Friday, 10 April 2020

BJP Must Not Oppose India-Bangladesh Land Boundary Agreement

Updated: April 20, 2013 5:32 pm

In a few days the question of implementation of the India-Bangladesh Land Boundary Agreement which PM had signed in September 2011 with Sheikh Hasina would come up for discussion in Parliament. It is being opposed by BJP on the plea that the Cooch Behar enclaves that are being exchanged will lead to give away of some more additional territory to Bangladesh than India would get in exchange. This article seeks to put the facts in perspective and underline the need for its urgent implementation on humanitarian considerations, apart from the overall interest of India-Bangladesh relations.

On March 2, 2013, Bharatiya Janata Party President Shri Rajnath Singh in his presidential address at the Party’s National Council in New Delhi had said: “Under the work of exchanging ‘Enclaves’ which the government of India is undertaking under Teesta water sharing , India will have to forgo 13,000 acres of land while Bangladesh will have to forgo 3,000 acres only. The government is not answering as to how it will compensate for this loss of 10,000 acres of land.”

Ever since the Protocol on the Land Boundary was signed in September 2011 between the Prime Ministers of India and Bangladesh, the BJP has made known its opposition to the agreement and declared that it would not help in the constitutional process that the implementation of the agreement would require because of loss of territory in the exchange of enclaves.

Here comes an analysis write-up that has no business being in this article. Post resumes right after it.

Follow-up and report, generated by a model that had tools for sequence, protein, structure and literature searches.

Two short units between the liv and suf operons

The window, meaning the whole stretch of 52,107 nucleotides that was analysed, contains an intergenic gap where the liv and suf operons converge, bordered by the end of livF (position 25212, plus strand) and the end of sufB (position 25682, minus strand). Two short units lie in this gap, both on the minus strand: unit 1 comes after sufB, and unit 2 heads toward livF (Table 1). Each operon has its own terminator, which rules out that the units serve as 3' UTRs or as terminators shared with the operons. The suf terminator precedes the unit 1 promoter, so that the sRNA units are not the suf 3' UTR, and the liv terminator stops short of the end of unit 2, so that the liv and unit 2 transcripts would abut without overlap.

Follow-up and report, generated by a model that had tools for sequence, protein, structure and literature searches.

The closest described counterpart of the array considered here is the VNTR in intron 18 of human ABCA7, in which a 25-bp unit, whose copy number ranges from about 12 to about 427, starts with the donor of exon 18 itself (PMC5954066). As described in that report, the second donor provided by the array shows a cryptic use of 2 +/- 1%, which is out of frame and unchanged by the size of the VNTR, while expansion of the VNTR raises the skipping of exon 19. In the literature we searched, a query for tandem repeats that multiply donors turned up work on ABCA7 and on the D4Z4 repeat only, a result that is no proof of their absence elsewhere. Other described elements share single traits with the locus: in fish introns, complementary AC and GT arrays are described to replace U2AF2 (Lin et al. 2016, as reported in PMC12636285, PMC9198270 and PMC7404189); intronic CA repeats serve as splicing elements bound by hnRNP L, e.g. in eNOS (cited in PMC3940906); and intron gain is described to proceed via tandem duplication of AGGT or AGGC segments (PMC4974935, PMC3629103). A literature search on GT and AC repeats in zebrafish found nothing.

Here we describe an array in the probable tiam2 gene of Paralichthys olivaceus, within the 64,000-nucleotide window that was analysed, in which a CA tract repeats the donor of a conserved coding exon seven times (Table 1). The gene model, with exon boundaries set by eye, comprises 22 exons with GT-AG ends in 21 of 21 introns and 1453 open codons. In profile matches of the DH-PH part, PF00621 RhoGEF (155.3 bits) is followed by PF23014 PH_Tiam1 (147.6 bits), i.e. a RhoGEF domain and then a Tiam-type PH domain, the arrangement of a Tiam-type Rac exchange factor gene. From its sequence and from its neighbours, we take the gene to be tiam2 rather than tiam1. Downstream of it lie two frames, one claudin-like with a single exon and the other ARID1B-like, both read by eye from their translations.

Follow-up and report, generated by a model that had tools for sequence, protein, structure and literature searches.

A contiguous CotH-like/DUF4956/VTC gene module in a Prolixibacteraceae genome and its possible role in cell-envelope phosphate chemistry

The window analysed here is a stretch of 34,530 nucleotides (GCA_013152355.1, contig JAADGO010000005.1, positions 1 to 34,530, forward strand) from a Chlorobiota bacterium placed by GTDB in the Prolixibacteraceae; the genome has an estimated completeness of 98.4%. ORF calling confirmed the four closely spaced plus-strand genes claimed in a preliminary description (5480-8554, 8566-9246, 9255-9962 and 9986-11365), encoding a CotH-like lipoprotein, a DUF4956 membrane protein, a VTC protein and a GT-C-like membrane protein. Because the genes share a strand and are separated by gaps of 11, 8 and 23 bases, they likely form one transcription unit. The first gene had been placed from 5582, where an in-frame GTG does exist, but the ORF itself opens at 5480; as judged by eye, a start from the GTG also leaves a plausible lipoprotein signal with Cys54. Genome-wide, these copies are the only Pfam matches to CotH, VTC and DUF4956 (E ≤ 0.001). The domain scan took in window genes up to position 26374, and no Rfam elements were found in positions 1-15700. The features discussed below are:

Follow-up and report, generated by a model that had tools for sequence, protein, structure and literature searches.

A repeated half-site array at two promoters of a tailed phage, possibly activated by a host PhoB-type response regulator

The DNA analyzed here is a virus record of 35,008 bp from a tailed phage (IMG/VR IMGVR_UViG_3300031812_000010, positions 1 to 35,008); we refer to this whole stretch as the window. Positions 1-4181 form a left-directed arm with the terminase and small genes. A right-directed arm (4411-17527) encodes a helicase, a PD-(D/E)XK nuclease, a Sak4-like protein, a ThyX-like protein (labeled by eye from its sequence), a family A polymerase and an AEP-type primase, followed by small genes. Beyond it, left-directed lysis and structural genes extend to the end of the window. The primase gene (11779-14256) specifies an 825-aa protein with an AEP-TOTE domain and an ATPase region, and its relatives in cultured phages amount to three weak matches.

The 130 Indian enclaves are 20,957 acres in area making an excess of 8805 acres or 8 sq. miles over the Pakistani/Bangladesh 93 enclaves of 12152 acres. This was the position on partition in 1947. In 1951 West Bengal made a proposal to New Delhi for exchange of enclaves. In so doing West Bengal Government demanded that Pakistan should compensate West Bengal for the excess area. Prime Minister Nehru had then advised Chief Minister Dr BC Roy that the idea was well intentioned and he could go ahead in sounding the East Bengal Government initially, but he doubted that Pakistan would agree to part with any territory in exchange, as suggested by him.

And this is what exactly happened. Pakistan Prime Minister Mohammad Ali on February 3, 1954, replying to Nehru’s letter of October 8, 1953, while agreeing to straight exchange of enclaves, ruled out any possibility of cession of territory to compensate West Bengal. Since Calcutta would not agree to straight exchange, the matter has drifted all these years.

The question of enclaves has to be looked not from the territorial angle alone but from a humanitarian angle too, since it involves the human, constitutional and civic rights of thousands of Indians, who have been deprived of them ever since the independence of India in 1947. They are living in utter misery, with no education, no health care, no voting rights and no access to amenities of any kind; in short nothing which the millions of Indians take for granted in the rest of the country. There were about 12600 people, mostly Hindus, living in Indian enclaves at the time of partition. With the emergence of Bangladesh in 1971, it is now a problem between India and Bangladesh.